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I am interested in understanding the mechanisms that underlie phenotypic evolution. My current research focuses on the role of developmental mechanisms in the evolution of phenotypic plasticity. In particular, I am interested in the evolution of polyphenisms, a form of plasticity that gives rise to discrete alternative phenotypes. I aim to reveal how polyphenisms evolve by modeling the evolution of their underlying developmental regulatory architecture. In addition, I will apply the model to the specific case of environmental sex determination and study how evolutionary transitions in sex-determining systems are mediated by the evolution of gene regulatory networks. During my PhD, my research focused on the role of symbionts in the evolution of their hosts. In particular, I worked on Wolbachia, widespread bacterial endosymbionts of insects and other arthropods. These symbionts affect development and reproduction of their hosts in remarkable ways, and I theoretically investigated several of Wolbachia‘s effects on host phenotype and their evolutionary consequences.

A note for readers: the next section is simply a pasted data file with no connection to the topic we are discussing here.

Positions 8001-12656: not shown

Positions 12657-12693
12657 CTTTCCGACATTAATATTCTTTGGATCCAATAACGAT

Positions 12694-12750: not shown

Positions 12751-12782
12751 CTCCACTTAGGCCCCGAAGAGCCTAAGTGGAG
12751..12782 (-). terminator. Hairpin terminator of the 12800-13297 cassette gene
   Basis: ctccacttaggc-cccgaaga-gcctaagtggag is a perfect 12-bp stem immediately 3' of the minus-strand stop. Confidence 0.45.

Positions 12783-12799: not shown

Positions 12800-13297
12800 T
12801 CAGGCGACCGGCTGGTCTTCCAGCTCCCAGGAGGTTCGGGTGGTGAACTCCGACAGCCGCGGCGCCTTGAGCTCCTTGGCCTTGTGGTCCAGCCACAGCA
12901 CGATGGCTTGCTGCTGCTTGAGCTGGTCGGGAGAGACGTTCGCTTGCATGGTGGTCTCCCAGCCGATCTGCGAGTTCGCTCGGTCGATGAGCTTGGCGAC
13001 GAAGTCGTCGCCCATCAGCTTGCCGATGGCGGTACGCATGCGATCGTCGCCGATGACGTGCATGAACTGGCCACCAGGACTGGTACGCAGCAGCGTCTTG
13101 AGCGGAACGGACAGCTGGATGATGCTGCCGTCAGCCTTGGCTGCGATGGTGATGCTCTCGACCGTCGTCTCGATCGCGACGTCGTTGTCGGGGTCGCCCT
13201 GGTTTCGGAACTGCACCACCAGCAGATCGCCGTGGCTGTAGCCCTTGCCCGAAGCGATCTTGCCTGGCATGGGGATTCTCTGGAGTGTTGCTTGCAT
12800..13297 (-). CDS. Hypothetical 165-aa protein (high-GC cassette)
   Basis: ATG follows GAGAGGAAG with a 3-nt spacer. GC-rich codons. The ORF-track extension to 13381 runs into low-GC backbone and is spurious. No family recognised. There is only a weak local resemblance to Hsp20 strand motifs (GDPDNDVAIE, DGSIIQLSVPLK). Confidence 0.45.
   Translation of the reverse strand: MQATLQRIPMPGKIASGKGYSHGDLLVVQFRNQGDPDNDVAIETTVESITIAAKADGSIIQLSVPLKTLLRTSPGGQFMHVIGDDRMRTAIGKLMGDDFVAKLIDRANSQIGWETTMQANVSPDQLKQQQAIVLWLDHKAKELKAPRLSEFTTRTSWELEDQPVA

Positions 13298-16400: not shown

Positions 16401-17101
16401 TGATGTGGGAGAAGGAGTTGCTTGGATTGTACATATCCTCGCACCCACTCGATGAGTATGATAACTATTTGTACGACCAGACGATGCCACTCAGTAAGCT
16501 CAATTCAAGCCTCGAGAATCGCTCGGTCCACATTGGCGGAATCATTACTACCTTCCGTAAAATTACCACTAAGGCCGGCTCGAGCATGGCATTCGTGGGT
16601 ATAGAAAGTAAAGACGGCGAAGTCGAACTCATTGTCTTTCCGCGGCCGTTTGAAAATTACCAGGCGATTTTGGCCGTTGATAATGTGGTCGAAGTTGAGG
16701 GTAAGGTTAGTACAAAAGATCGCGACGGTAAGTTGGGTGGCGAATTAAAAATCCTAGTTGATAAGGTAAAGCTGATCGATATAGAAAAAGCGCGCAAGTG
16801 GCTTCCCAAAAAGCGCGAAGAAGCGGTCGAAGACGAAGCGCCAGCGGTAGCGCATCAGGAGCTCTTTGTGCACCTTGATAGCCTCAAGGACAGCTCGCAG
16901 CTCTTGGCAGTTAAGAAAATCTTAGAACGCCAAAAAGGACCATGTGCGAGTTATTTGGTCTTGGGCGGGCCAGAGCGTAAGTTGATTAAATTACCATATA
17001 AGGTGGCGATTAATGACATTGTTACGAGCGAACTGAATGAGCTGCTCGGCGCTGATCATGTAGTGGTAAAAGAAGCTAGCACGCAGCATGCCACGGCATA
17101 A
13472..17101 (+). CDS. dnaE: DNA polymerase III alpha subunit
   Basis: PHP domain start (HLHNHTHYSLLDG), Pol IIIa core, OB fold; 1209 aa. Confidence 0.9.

I am a PhD student at Lund University working with Nathalie Feiner on her ERC-funded project on parallel evolution. I am interested in the developmental basis of adaptive phenotypic changes, in particular the developmental origins of complex phenotypes. During my PhD, I will investigate a suite of exaggerated traits – a syndrome – that has repeatedly evolved in different wall lizard species. My aim it to identify the cellular and genetic changes that are associated with the syndrome to ultimately understand why evolution tends to repeat itself.